This week, President Trump announced he is invoking the Defense Production Act of 1950 (“DPA”), allowing the administration to force American industries to manufacture medical supplies that are in short supply in the fight against the COVID-19 pandemic.
Current supply shortages of medical goods and equipment are a major concern to U.S. healthcare workers, particularly the shortage of N95 respirators, considered more effective at protecting workers than other masks, such as looser fitting surgical masks. Supply chains were already strained due to tariffs on China, a main supplier of medical goods. Demand for N95 masks and other medical equipment is likely to remain high across the world.
The DPA, 50 U.S.C. §§4501 et seq., was enacted during the Korean War to provide the president “an array of authorities to shape national defense preparedness programs and to take appropriate steps to maintain and enhance the domestic industrial base.” The DPA has been reauthorized over 50 times, though significant authorities were terminated from the original law in 1953. Most recently, the DPA was reauthorized in Section 1791 of the John S. McCain National Defense Authorization Act (“NDAA”), extending its provisions to September 20, 2025.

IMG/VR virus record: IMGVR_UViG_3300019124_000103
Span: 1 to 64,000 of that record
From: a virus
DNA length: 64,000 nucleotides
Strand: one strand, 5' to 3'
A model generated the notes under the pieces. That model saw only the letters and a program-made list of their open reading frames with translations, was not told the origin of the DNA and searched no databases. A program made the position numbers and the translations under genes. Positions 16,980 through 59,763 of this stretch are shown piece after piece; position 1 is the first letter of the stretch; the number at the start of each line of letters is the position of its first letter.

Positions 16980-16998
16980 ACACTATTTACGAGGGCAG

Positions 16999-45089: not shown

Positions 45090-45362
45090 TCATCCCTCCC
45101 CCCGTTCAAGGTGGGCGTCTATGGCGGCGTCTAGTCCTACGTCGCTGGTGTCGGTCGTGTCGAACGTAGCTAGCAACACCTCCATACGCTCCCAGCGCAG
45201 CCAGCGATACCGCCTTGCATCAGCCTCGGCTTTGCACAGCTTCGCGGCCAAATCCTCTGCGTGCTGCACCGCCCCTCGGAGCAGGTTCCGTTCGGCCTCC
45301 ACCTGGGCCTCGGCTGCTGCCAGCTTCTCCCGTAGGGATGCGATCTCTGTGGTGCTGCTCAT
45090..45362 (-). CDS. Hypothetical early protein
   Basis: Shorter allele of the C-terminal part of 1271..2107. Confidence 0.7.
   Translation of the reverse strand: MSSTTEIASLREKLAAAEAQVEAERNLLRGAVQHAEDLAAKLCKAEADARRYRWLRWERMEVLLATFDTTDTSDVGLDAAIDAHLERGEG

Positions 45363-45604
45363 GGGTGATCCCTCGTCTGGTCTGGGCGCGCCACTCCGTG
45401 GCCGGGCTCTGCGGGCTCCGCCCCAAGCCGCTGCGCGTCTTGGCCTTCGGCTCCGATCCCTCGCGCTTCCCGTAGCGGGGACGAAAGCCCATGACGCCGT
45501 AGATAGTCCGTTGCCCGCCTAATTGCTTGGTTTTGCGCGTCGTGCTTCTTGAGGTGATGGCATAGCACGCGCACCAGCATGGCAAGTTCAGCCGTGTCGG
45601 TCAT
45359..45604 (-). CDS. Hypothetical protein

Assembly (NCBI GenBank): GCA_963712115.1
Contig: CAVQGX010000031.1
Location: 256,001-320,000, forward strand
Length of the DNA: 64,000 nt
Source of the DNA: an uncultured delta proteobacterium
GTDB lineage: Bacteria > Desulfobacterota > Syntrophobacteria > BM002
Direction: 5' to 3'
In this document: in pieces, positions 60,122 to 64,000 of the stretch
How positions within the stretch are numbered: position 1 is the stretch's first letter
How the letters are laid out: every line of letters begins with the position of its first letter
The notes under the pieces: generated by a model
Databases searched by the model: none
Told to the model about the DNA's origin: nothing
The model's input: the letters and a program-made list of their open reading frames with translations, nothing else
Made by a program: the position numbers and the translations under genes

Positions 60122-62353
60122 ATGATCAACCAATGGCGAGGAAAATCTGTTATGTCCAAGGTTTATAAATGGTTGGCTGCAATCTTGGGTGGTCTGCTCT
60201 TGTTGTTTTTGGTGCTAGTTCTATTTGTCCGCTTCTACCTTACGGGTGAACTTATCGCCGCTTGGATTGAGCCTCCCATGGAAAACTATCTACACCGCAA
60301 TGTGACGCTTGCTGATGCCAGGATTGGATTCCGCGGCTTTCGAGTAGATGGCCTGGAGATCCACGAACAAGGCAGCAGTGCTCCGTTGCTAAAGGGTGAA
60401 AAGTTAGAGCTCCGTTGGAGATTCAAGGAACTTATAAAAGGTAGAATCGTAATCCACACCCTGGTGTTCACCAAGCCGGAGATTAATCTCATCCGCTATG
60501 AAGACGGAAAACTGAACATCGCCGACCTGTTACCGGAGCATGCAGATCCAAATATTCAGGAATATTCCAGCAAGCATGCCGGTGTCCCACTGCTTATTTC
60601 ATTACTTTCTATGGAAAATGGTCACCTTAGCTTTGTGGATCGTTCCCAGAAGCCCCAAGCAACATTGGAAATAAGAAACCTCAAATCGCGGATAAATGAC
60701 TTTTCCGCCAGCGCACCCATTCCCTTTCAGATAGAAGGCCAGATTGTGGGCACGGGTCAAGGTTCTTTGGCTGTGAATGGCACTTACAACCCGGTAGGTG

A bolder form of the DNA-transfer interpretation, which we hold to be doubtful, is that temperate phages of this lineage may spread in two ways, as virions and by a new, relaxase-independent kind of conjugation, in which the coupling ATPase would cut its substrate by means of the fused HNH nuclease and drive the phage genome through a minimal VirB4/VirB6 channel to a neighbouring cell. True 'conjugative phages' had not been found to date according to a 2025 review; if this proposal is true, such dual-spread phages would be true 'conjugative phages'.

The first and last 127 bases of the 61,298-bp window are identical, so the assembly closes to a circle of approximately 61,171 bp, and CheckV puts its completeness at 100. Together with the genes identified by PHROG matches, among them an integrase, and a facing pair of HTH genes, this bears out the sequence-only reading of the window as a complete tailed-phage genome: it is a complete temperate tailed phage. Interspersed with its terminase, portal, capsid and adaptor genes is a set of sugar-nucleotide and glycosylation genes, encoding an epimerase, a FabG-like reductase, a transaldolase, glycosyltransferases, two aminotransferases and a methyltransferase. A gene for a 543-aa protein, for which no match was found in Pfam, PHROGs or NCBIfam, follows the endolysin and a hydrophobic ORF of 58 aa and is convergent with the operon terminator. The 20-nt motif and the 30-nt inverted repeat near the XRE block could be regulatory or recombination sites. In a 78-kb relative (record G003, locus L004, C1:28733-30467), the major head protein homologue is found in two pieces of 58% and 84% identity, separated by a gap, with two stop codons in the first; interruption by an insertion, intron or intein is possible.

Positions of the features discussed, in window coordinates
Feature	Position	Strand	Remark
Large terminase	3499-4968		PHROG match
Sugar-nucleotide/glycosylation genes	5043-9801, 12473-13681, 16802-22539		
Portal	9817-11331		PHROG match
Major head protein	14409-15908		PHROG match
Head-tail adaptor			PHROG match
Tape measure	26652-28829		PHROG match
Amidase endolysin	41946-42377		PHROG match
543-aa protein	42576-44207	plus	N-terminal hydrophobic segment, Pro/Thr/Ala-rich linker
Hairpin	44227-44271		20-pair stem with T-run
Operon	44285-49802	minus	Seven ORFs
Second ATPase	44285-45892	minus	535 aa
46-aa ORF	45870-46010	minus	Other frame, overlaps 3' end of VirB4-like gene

Under the DPA, the term “national defense” is not limited to matters of military conflicts, but also includes emergency preparedness conducted pursuant to title VI of The Robert T. Stafford Disaster Relief and Emergency Assistance Act (42 U.S.C. §§ 5195 et seq.) The unprecedented concerns raised in respect to COVID-19 likely justify the president’s invocation of the DPA and gives the executive branch additional tools to combat the disease.
Title I – Priorities and Allocations
Among the “array of authorities” given the president are control authorities to determine priorities and allocations.
Under Title I of the DPA, a government order can be given a priority rating, requiring the order them to be prioritized over any competing obligations, including prior commitments to commercial partners. These priority orders are referred to as “rated orders.”